Watching the last episode of Twin Peaks, and watching Bob/Coop chuckle I confess that I was grabbing my laptop and screaming “No! No! No fuck no! That can’t be it!” The rage inspired by the idea that that could possibly be the end, that the hero and purely good hero at that, could succumb to the evil’s found in the Black Lodge disturbed me. I felt that there had to be a resolving, or a redemption in which the figure who seemed to embody so much strength could not possibly fall to evil.
But that confession reveals everything.
Again, looking at Wallace’s commentary, I realize that what keeps Lynch so interesting is the fact that he seems to recognize that evil is a force, that even if it is spawned within ourselves, it can still work outwardly as a force which can compel and destroy people. Leland Palmer was a good man, or at least he seemed to be a good man, that outward surface mirrors the reality of true life. When you remember that most rape victims tend to suffer under the hands of people close to them (usually family members) rather than outside strangers, the idea that Leland could do that to his daughter is more plausible, but nonetheless still retains its horror. Likewise, with the character Dale Cooper, who, over the course of the series, becomes some kind of extension of the viewer. As I watched Twin Peaks I identified more and more with Coop. Part of this is simply because I’ve always wanted to be intelligent and charming and charismatic, but also because he was a genuinely good person.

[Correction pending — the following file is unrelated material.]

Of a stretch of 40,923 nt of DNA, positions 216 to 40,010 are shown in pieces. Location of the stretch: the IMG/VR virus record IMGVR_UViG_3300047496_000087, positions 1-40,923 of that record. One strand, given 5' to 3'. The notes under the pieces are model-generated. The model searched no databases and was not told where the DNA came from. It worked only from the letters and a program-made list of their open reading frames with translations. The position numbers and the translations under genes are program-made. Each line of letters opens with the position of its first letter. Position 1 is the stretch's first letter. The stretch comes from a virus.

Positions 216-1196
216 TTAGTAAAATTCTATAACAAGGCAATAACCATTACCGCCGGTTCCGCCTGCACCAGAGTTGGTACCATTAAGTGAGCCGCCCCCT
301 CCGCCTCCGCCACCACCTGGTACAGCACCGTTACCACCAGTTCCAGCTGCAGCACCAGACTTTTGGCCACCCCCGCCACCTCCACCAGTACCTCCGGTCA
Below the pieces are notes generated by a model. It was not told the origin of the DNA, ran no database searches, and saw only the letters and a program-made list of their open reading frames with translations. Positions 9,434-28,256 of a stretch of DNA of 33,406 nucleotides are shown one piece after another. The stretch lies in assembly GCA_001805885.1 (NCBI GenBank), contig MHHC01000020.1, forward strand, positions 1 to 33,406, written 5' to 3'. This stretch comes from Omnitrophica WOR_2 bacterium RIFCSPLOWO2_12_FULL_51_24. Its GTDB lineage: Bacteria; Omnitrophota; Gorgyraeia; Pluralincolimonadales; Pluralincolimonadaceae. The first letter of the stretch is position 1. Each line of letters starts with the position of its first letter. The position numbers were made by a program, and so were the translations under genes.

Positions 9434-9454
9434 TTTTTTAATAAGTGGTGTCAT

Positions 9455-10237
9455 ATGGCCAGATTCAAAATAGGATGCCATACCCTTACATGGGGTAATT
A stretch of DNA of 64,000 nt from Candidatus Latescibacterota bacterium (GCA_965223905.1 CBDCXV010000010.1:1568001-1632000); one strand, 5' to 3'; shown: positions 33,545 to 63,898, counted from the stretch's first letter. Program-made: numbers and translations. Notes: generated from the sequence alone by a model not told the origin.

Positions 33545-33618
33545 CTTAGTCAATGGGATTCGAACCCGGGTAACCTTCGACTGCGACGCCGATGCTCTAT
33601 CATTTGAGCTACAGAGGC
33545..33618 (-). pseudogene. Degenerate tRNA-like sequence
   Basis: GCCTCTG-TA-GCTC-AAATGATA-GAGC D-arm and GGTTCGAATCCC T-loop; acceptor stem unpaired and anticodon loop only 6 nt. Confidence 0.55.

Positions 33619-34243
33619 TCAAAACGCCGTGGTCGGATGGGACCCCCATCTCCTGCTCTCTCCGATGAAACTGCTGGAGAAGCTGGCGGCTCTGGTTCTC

He also gave me the greatest lesson in life:
Dale Cooper: Harry, I’m going to let you in on a little secret. Every day, once a day, give yourself a present. Don’t plan it. Don’t wait for it. Just let it happen. It could be a new shirt at the men’s store, a catnap in your office chair, or two cups of good, hot black coffee.
This man would eventually fall prey and fail against the pure forces of darkness. It’s not fair. It shouldn’t happen. And watching the very end I was angry and sad and terrified after what was surely the most terrifying 20 minutes of television ever recorded. And before anyone tries it, No. American Horror Story is nowhere near as terrifying as the Black Lodge. I don’t care how many clowns or gimps in leather suits they throw at me.